Prakhar Srivastava

Prakhar SrivastavaSection 115BBE of Income Tax Act, 1961: Is Penal Taxation a hindrance to Resolution of Disputes?


Income tax returns are the most imaginative fiction being written today.”

Herman Wouk [1]

Probably the aforementioned quote by the American author has never been as relatable as it is in today’s time-space passageway. Sadly though, the absence of integrity with respect to income tax has forced governments to take make stern amendments to their taxation policies. Similarly, in India, to dissuade non – taxpayers and to tax “deemed unexplained income”, the government of India through the Finance Act, 2012, inserted Section 115BBE to the Income Tax Act, 1961 (hereinafter “the act”).

There exist multiple mooting questions revolving around Section 115BBE of the act, including but not limited to the constitutionality and applicability of the section vis-à-vis Article 14 of the Constitution, retrospective or prospective applicability of the section and the reasoning thereof, the question of excessive taxation etc. While the presence of the aforementioned concerns has been hinted through the course of this paper, primarily the author has highlighted the role of section 115BBE in prevention of settlements of disputes. Additionally, each section of the paper highlights a distinct timeline post the formulation of section 115BBE of the act along with the major problems stemming after each legal development with respect to the said section of the act.

Section 115BBE and its Amendments

Under the said section, a plane tax rate of 30 percent was to be imposed on individuals who willingly revealed such income under sections 68,[2] 69,[3] 69A,[4] 69B,[5] 69C[6] or 69D[7] or on income as learned by the assessing officer (hereinafter “AO”). Furthermore, Section 115BBE (2)[8] of the act states that no expenditure or allowance was to be deducted from said incomes underlining that the assessees will not be in a position to request any deduction in order to lessen the said income. Nonetheless, the government was not careful enough to forbid set off of losses against the said incomes.[9]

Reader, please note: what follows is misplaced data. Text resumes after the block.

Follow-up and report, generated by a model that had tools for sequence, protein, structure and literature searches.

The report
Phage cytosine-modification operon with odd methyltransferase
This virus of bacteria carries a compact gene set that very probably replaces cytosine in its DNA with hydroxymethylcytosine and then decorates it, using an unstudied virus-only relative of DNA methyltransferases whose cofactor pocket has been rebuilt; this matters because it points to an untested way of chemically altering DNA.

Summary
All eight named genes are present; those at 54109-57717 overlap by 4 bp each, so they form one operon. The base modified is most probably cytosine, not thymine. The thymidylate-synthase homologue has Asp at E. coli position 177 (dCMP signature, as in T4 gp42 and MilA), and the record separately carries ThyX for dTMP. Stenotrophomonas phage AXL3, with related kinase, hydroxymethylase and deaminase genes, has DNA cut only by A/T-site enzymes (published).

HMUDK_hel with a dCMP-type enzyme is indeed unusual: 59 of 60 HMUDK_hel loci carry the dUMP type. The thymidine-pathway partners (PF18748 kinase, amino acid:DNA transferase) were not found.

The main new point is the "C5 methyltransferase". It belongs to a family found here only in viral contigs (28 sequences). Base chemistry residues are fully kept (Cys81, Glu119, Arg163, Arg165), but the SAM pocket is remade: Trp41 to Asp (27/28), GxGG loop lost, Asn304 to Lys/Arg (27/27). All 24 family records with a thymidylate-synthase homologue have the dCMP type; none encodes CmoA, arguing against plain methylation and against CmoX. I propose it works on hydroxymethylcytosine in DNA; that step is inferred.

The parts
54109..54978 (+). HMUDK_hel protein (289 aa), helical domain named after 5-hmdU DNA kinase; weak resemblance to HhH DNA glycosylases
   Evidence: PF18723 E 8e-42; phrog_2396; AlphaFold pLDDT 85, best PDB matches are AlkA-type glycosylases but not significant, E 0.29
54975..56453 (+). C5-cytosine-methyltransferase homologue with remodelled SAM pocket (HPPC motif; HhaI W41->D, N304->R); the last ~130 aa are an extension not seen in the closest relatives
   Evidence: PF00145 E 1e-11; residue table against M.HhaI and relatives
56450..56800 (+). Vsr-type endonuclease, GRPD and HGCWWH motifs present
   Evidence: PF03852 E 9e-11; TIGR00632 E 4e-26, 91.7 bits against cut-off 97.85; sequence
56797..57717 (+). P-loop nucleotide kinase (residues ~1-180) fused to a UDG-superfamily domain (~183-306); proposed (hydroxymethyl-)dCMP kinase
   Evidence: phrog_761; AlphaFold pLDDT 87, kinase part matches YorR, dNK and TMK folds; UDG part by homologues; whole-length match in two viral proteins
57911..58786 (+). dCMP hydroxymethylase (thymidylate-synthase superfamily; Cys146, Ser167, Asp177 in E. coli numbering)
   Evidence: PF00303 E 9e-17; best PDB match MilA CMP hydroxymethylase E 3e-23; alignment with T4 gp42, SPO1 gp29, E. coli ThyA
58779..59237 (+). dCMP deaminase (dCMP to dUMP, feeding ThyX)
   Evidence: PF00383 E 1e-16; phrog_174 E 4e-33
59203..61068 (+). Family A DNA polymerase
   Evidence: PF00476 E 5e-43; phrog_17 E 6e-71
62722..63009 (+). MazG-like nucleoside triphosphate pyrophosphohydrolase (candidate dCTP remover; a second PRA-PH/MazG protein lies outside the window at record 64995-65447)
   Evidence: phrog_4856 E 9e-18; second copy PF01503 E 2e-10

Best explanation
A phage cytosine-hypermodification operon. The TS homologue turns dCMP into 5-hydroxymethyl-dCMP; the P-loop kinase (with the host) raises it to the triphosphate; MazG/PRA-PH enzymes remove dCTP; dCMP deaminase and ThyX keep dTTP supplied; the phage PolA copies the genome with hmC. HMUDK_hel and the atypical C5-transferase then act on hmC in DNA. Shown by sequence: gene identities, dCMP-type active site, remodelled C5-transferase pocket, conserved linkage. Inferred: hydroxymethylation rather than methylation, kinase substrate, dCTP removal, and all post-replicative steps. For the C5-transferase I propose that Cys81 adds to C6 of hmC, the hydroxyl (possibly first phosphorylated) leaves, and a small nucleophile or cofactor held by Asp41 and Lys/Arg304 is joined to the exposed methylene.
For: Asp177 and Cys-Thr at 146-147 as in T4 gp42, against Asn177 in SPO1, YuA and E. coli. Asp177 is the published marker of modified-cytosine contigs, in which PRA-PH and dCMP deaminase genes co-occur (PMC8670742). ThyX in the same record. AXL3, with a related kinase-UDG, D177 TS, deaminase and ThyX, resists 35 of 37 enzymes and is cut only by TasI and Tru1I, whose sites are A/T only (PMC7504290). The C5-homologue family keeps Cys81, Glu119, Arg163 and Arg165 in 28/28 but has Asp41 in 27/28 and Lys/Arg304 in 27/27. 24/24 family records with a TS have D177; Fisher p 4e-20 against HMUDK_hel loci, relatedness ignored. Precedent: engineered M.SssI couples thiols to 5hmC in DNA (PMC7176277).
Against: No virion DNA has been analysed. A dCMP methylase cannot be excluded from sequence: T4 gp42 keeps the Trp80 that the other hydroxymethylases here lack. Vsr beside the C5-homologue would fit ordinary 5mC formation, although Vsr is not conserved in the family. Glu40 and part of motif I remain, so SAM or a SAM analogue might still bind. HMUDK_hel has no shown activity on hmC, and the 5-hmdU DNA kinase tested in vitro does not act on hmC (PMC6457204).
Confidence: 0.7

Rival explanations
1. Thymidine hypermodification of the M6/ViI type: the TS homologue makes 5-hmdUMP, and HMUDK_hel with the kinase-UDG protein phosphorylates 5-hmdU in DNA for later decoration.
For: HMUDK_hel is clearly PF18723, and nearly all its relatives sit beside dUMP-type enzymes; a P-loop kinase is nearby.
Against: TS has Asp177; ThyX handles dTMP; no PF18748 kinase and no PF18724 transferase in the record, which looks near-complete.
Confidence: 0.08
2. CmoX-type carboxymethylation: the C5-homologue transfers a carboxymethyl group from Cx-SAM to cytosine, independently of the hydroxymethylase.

With the aim to stiffen the hold of Section 115BBE of the act on deemed unexplained income, the government, through Finance Act, 2016,[10] amended section 115BBE(2). Under the said amendment, it was stated that set off of losses was not allowed against the incomes concerned. While the government hoped for a favorable response from the said amendment, there existed a not-so-bright side to it: Few overenthusiastic officers initiated the practice of retrospective application, i.e., rejecting set off of losses for assessment years before the amendment came to being.[11]

For instance, in Vijaya Resorts v. Commissioner of Income Tax,[12] the income tax department had stated that set off of a loss from assessment year 2013-14 against unexplained income was inappropriate. When the said assessment order was challenged, the judiciary pointed out that the amended section 115BBE (2) would be applicable from the first day of the fourth month of year 2017, i.e., 01/04/2017 and not before that. Thus, the assessment order of the income tax department was quashed and Vijaya Resorts were permitted to adjust the unabsorbed losses as per section 68 of the act.[13]

Additionally, ITAT benches of Rajasthan[14] and Chandigarh[15] opted for a similar stance in distinct cases.

To deal with the concern of AOs applying varying methods when dealing with set off of losses, around mid – 2019,[16] the authorities stated that before the 2016 amendment, section 115BBE did not clarify that losses wouldn’t be set off against deemed unexplained income and thus, the provision would be applicable after the prescribed date, i.e., 1st day of the 4th month of 2017 (01/04/2017). The said issue would have never occurred and the judiciary wouldn’t have to contemplate over it if the drafters had been more diligent and sensitive.[17] Nevertheless, in the author’s opinion, here, a debate which could’ve taken much longer stretch was dispelled with little harm.

The Aftermath of Demonetization

Following a sudden ban on currency of high denomination, it was evidently clear that dishonest entities were implementing suspicious and illegal methods to change their unreported black money into white.[18] While certain individuals got around the law and illegally bartered their share of banned currency for currency of legal denomination, there were others who simply deposited the money in banks as unexplained income and paid thirty percent as income tax.[19] This left the concerned parties who had horded black money with a share which in the government’s eye was more than fair. As per the aforementioned mechanism, even in an extreme case wherein there was no explanation behind the said income, the payment of tax at the rate of thirty percent against the income prevented the taxation authorities from performing a supplementary inspection.[20]